Spanish creative consultancy Masquespacio present their last project Nozomi Sushi Bar. The project realized in Valencia consists in the branding and interior design for the new sushi restaurant from José Miguel Herrera and Nuria Morell, both passionate by the Japanese culture and specialists in authentic traditional sushi.
The project in which Masquespacio began to work in January 2014 starts with a previous study of Japanese culture and the origin of sushi. A study in which was involved the whole team of the Spanish creative consultancy to understand and represent the Japanese culture through the brand image and specially through the interior of the new restaurant from José Miguel Herrera and Nuria Morell. The brand name Nozomi was chosen by the founders of this project being a ‘Japanese high speed bullet train’ and at the same time meaning ‘fulfilled dream’; two significances with which with José Miguel and Nuria felt identified and that create a duality present continuously through the whole project: “Emotional classic’ and ‘Rational contemporary’.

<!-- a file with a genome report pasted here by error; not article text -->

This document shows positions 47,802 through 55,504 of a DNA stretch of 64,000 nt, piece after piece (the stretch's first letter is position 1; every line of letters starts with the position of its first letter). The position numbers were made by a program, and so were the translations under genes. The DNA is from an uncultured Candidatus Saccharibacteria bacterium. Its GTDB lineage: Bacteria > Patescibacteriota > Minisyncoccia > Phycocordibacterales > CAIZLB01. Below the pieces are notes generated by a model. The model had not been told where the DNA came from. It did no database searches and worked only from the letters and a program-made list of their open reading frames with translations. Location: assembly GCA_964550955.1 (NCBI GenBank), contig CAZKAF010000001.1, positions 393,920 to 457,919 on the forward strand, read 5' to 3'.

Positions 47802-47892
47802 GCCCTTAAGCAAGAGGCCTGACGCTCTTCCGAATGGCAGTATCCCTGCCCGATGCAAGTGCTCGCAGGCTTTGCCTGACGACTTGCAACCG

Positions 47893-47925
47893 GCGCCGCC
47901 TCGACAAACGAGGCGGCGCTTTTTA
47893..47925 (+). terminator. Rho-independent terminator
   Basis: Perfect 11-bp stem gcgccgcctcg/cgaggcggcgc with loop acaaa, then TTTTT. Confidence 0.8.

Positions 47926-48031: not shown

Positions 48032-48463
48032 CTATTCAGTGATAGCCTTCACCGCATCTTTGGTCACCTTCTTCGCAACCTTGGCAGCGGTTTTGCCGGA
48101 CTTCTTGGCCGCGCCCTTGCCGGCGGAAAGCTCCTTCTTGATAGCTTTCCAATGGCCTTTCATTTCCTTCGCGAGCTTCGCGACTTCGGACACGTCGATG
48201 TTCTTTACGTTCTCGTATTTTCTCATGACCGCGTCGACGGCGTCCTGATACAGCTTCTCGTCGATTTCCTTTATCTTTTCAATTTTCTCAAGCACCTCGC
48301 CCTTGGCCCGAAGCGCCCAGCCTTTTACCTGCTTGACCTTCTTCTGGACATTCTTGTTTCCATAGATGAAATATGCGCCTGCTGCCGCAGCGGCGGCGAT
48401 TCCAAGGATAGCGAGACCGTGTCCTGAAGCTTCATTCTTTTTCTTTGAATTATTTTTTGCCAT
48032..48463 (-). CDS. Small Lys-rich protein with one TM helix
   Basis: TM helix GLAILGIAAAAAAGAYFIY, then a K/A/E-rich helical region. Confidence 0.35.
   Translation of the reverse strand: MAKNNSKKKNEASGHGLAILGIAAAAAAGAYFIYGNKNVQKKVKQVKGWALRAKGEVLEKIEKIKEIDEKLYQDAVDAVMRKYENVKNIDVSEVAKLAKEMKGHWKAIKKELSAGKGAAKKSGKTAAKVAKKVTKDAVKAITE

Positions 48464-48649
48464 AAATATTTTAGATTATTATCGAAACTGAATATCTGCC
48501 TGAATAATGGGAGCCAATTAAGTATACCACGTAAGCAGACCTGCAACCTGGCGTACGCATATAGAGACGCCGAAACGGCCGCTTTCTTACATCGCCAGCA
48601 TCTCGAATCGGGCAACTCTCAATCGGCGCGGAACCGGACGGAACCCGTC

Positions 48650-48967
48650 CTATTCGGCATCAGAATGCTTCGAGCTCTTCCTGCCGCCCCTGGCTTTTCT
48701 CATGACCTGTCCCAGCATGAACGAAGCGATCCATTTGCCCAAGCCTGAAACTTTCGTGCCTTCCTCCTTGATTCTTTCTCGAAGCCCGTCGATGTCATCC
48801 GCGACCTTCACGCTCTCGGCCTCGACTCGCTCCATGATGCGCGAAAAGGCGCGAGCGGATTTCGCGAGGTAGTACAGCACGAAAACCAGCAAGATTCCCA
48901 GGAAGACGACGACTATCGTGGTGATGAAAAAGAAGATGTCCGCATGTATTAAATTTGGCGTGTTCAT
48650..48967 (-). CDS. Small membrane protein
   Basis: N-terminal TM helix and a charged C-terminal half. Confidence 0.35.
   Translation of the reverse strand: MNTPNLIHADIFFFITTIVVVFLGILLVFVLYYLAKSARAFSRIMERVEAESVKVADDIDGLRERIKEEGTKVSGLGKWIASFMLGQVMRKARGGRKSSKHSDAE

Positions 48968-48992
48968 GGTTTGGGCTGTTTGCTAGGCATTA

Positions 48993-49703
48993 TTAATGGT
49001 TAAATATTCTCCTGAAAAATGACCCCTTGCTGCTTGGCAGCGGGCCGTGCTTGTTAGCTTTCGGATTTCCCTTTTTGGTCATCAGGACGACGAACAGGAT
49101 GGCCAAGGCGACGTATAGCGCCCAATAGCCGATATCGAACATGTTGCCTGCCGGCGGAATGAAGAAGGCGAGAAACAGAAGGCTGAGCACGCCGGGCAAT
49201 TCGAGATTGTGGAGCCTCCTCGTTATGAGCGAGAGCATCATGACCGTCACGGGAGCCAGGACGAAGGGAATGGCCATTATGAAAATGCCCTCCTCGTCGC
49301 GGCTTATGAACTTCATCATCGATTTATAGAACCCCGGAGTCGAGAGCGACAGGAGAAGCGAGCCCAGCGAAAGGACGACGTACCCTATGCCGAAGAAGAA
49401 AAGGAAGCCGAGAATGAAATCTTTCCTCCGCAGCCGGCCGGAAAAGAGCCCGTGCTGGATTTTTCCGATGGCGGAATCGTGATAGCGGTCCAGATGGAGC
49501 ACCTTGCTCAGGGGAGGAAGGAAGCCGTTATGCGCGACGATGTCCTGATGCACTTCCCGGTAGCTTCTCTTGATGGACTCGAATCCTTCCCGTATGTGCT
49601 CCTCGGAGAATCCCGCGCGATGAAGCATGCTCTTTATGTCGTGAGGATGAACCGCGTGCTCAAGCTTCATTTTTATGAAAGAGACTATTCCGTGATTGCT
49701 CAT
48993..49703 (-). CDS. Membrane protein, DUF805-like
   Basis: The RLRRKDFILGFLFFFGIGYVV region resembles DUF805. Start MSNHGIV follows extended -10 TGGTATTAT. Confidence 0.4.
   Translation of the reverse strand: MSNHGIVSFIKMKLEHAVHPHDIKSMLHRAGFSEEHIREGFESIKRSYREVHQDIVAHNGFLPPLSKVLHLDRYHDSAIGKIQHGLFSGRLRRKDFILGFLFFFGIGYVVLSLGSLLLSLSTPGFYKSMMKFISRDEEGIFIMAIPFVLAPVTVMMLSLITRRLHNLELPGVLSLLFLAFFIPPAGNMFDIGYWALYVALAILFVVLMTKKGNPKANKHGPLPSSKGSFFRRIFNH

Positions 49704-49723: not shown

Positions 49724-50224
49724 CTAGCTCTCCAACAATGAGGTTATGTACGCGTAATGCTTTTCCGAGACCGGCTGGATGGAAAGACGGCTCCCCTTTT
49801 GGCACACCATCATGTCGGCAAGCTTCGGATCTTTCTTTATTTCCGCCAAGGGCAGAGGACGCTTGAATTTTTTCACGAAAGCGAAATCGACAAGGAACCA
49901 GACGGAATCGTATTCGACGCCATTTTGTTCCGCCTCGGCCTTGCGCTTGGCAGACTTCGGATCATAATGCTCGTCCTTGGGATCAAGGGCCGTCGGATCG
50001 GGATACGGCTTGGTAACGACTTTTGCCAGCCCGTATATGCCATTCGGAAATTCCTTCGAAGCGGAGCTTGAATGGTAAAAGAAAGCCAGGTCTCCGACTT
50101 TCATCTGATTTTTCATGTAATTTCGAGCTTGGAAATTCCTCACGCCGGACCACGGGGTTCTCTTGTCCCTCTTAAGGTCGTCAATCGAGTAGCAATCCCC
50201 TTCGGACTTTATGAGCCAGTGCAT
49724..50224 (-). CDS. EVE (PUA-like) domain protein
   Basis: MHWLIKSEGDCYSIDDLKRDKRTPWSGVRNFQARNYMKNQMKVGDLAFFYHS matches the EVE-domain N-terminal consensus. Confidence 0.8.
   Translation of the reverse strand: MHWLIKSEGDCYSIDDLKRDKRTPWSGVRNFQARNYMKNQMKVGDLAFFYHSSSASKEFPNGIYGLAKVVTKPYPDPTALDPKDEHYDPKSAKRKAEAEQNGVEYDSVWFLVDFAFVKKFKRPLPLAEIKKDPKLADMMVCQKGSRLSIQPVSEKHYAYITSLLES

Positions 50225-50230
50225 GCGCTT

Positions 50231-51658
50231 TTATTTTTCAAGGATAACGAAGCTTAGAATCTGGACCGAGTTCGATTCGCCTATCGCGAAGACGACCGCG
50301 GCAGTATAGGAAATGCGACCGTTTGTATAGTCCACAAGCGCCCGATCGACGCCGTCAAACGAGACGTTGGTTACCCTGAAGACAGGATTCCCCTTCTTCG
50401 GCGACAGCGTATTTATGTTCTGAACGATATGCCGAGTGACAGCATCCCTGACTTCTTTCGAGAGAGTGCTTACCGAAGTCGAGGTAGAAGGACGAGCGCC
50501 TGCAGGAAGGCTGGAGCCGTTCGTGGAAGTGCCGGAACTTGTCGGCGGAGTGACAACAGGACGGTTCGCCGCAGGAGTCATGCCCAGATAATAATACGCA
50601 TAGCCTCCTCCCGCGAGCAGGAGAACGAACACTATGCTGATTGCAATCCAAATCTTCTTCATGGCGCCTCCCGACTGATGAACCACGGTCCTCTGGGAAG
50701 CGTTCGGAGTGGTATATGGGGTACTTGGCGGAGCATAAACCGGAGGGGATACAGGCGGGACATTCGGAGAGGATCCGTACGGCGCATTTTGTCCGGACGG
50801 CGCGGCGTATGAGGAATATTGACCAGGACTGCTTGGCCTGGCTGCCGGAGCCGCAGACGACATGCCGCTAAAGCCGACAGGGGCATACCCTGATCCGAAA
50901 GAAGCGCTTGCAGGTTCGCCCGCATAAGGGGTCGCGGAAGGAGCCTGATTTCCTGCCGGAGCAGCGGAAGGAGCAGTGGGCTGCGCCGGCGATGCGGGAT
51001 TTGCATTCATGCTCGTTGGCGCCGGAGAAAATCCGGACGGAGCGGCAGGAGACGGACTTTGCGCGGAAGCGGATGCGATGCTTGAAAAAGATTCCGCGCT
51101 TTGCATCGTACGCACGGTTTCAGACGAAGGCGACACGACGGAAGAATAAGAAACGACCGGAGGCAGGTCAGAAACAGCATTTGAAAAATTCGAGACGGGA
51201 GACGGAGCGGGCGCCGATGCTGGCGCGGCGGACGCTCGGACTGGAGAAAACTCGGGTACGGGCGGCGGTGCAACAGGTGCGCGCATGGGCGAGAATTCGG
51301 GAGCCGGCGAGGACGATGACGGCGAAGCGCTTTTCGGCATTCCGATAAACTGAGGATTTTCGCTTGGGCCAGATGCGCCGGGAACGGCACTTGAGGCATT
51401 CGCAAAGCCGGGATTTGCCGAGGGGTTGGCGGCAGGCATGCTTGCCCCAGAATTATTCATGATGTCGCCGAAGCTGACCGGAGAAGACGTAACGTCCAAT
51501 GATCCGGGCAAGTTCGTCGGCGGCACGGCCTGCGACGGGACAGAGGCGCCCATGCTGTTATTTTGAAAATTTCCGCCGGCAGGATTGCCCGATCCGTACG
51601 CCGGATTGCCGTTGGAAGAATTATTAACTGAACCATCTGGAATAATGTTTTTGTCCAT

Starting with the brand image we can see how this duality is represented on one way as ‘Rational contemporary’ through the Western typography, while on the other the hiragana (Japanese writing) shows the “Emotional classic’ touch through its logo. On the other hand Masquespacio for the branding uses the verticality typical for Japanese writing in this case both for the Western and Eastern writing form. A fact repeated for the tablecloth that contains an illustration of Koi fishes, a symbol of good luck and perseverance in Japanese culture.
Ana Milena Hernández Palacios: “We wanted to play continually with the expressed duality both through the interior design as well as the brand image, seeking to create a reinterpretation of the basic elements of a Japanese dinner table, by means of the tablecloths and menu cards, with its form of a Japanese fan, but also through the different complements like the chopstick rest.” A last fact to stand out about the logo is the election of hiragana: “We commissioned calligraphy in different Japanese writing styles: hiragana, kanji and katakana. The hiragana was the best choice for being best fitting graphically, although kanji can be recognized by some typical Japanese decorative elements in the restaurant like the entry lantern.”
Through this project Masquespacio illustrates its ability to work on projects from different cultures, showing their interest to study each project meticulously with the aim to create a unique history for clients and their consumers.